The Center for Jewish Studies at UC Santa Cruz will present a one-day conference, The Venice Ghetto at 500 and the Future of Memory, on campus February 23, at the Humanities 1 Building.
The conference will address the complexity of the Ghetto of Venice as it marks its 500th anniversary--both as an actual physical space and as a global metaphor--tracing its path and significance across space and time.
“The Venice Ghetto represents the first instance of the word “ghetto” being used in the world, and it has come to mean spaces of segregation,” noted Katie Trostel, a UC Santa Cruz graduate student in literature, who is coordinating the conference. “That all stems from the Jewish term in Venice.”
“Ghetto is an Italian word that means foundry,” she added. “It refers to the space in which Jews were forced to live in, beginning in 1516. It was actually the site of an abandoned metal foundry.”
Presenters at the conference will bring together representations of the ghetto in art, literature, and photography and discuss the archival possibilities of digital technology. By thinking of the ghetto as a “memory space that travels,” as opposed to a museum-like site, the goal is to create new representations of the ghetto that will resonate with people in the 21st century.
Trostel’s own presentation at the conference will be a Skype conversation with acclaimed Chilean poet and human rights activist Marjorie Agosin.
“She explains in prose poems all the places in history where her family has been exiled from, or set apart from the larger population,” said Trostel. “She goes to four different continents to explore Jewish space that has touched her life.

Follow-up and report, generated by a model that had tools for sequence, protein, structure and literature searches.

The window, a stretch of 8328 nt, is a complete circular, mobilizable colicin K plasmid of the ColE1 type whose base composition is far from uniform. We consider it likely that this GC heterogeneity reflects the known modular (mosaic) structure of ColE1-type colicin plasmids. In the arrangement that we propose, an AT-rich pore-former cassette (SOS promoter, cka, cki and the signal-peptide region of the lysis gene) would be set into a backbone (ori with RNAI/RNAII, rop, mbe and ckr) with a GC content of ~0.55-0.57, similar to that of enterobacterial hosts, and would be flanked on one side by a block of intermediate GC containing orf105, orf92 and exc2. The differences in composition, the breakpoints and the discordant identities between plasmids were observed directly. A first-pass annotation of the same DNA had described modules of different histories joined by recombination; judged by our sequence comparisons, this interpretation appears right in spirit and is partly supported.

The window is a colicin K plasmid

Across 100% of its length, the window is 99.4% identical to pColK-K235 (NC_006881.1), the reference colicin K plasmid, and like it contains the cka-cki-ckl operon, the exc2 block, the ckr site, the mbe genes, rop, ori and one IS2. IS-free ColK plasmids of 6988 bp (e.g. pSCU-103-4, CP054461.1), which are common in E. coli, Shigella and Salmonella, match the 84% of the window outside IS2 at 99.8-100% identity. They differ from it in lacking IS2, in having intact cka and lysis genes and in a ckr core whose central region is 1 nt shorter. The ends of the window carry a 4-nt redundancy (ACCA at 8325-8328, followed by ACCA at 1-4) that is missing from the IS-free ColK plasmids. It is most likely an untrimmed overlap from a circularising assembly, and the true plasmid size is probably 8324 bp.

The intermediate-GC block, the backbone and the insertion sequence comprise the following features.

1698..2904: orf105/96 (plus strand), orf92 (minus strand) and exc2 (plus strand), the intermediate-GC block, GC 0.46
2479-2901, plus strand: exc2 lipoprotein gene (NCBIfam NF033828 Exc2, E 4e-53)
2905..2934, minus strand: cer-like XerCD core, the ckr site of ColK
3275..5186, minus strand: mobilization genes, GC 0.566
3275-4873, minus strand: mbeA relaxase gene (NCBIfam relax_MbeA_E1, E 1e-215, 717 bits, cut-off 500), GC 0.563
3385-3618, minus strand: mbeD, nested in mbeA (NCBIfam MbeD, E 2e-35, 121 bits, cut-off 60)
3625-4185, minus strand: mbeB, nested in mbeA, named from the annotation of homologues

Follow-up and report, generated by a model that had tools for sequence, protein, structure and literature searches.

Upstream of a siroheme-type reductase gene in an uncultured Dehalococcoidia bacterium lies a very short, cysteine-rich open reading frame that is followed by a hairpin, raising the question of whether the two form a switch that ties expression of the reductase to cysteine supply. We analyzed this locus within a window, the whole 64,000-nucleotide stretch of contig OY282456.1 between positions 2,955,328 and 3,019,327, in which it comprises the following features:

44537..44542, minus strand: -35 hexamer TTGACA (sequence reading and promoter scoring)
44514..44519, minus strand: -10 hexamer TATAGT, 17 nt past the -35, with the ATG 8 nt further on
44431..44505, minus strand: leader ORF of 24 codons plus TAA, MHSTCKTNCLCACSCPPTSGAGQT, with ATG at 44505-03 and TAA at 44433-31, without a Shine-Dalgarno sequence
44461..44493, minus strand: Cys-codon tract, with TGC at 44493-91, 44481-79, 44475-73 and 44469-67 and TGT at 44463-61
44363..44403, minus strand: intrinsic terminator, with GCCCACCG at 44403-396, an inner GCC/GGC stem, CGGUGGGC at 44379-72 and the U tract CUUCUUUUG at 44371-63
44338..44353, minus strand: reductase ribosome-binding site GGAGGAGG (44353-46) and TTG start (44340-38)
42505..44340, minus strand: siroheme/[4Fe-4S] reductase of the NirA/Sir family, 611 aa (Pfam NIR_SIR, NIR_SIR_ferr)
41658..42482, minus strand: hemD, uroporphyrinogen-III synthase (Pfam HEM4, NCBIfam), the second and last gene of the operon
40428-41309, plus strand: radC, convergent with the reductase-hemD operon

"Central to her book Cartographies: Meditations on Travel, is a visit to the Venice Ghetto. Through Skype she is going to read her poem about Venice and then I will interview her on what the significance of space is to her.”
“One of the things I’m working on is a digital map of her poem,” Trostel added. “Using Google Map technology, I can go to different places she visits in the poems. And so we will have clips of me interviewing her about the various places in this poem.”
The conference will also include a panel on the ghetto as theater, and another on digital mapping projects, such as historic Jewish spaces in Morocco which no longer exist.
The final panel, titled “The Venice Ghetto at 500,” will be a roundtable discussion moderated by UC Santa Cruz emeritus professor of literature Murray Baumgarten.
Those panelists will include UCSC digital humanities specialist Rachel Deblinger, history lecturer Bruce Thompson, emeritus professor of history Peter Kenez, and history professor Nathaniel Deutsch, director of UCSC’s Institute for Humanities Research.
Baumgarten is also slated to give a talk titled “Venice, the Ghetto, and the Jews, 1516-2016: A Tale of Money and Moxie,” at the opening of an art exhibition in San Francisco at the Jewish Community Library in conjunction with the Museo Italo Americano, on March 29.
The Venice Ghetto at 500 and the Future of Memory conference will take place on February 23, at the Humanities 1 Building, Room 210, on the UC Santa Cruz campus, from 12:15 to 6:30 p.m. A reception will follow. Admission is free and open to the public. This event is sponsored by the Center for Jewish Studies, the Literature Department, and the Siegfried B. and Elisabeth Mignon Puknat Literary Studies Endowment. For more information and a complete schedule, visit the Center for Jewish Studies or contact the Institute for Humanities Research at firstname.lastname@example.org.